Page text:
Human Proteome Project Update

Researchers report steady progress in the effort to map all the proteins made by human chromosomes.

By | January 24, 2013

Human monocyte chemotactic protein-2, just one of the proteins that will be mapped by the Human Proteome ProjectWIKIMEDIA, NEVIT DILMENBig science rides again with the announcement that all is well with the Chromosome-centric Human Proteome Project (C-HPP), a 10-year initiative to map all the proteins produced by genes on human chromosomes. The C-HPP was launched last year, and organizers of the effort envision a close to their activities occurring in September of 2022. The current issue of the Journal of Proteome Research is devoted entirely updating the progress of the international teams of scientists involved with the C-HPP. The highlights from the special issue include:

- An update on the effort to characterize the protein-coding genes on male-specific regions of the Y chromosome, including genetic components involved with sex determination and reversal, spermatogenesis and male infertility, prostate cancer, sex-specific effects on the brain and behavior, and graft-versus-host disease.


- A report from the Biology/Disease-driven Human Proteome Project (B/D-HPP), which aims to identify proteins that play pivotal roles in a variety of diseases.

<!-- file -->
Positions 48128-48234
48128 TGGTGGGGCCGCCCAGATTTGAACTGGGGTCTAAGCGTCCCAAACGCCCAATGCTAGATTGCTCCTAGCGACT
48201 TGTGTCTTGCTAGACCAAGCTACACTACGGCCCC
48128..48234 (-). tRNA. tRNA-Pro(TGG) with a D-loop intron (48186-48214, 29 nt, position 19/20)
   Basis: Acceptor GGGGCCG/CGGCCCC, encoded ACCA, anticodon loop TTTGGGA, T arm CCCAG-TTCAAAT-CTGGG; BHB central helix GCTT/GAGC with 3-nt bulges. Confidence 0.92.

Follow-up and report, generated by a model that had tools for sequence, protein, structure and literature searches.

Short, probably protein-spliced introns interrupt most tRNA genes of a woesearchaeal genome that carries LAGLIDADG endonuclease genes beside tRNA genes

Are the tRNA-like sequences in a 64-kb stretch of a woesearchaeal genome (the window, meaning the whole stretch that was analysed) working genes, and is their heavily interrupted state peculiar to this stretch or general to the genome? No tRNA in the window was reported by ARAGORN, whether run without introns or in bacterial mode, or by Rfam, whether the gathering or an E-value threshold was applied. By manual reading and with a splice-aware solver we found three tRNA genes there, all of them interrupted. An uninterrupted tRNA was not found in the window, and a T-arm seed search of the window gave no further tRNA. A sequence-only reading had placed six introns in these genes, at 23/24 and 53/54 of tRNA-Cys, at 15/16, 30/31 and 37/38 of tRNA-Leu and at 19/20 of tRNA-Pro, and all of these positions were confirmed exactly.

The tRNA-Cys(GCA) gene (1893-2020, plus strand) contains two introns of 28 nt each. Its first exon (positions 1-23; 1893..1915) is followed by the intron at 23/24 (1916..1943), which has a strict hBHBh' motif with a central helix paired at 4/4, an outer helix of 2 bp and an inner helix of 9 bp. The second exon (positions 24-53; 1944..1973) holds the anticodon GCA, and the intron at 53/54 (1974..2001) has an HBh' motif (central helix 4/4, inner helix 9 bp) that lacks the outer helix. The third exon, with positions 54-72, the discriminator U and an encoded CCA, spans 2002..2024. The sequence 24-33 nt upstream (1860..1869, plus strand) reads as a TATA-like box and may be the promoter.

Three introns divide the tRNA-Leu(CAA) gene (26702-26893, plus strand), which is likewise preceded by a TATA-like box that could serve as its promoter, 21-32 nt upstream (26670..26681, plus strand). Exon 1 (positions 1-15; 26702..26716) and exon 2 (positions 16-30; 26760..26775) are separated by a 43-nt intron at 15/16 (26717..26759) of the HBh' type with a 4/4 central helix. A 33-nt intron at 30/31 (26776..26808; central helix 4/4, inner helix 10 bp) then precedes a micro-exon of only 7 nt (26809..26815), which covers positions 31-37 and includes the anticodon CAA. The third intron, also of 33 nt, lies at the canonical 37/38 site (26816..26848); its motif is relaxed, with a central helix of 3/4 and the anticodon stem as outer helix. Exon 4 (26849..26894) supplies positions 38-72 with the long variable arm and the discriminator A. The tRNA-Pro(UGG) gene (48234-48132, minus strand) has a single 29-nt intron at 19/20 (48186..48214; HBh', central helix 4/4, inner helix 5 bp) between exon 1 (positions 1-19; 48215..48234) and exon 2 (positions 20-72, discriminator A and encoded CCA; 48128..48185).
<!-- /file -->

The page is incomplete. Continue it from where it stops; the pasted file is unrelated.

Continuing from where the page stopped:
- Recent findings from a Taiwanese group conducting a pilot study on chromosome 4, which is rich in cancer-associated proteins and could prove useful in biomarker or drug target applications. The study identifies 141 proteins on the chromosome that are “cell-secretable/shedable proteins” and an additional 54 that are classified as cancer-associated proteins.


- A preliminary map of the proteome of chromosome 8, which has a very high mutation rate in humans and therefore could play an important role in tumorigenesis.


- The announcement of a new data integration and analysis software system and browser designed specifically for the C-HPP.

The issue contains many more updates on the progress of several groups working under the auspices of the C-HPP, and the group aims to publish such a special issue for every year of the project.

Add a Comment

Avatar of: You



Sign In with your LabX Media Group Passport to leave a comment

Not a member? Register Now!

LabX Media Group Passport Logo

Popular Now

  1. How Plants Evolved Different Ways to Make Caffeine
  2. Thomson Reuters Predicts Nobelists
    The Nutshell Thomson Reuters Predicts Nobelists

    According to citation statistics, researchers behind programmed cell death pathways and CRISPR/Cas9 are among those in line for Nobel Prizes this year.

  3. Monsanto Buys Rights to CRISPR
    The Nutshell Monsanto Buys Rights to CRISPR

    The US agribusiness secures a global, nonexclusive licensing agreement from the Broad Institute to use the gene-editing technology for agricultural applications.

  4. Reviewing Results-Free Manuscripts
    The Nutshell Reviewing Results-Free Manuscripts

    An open-access journal is trialing a peer-review process in which reviewers do not have access to the results or discussion sections of submitted papers.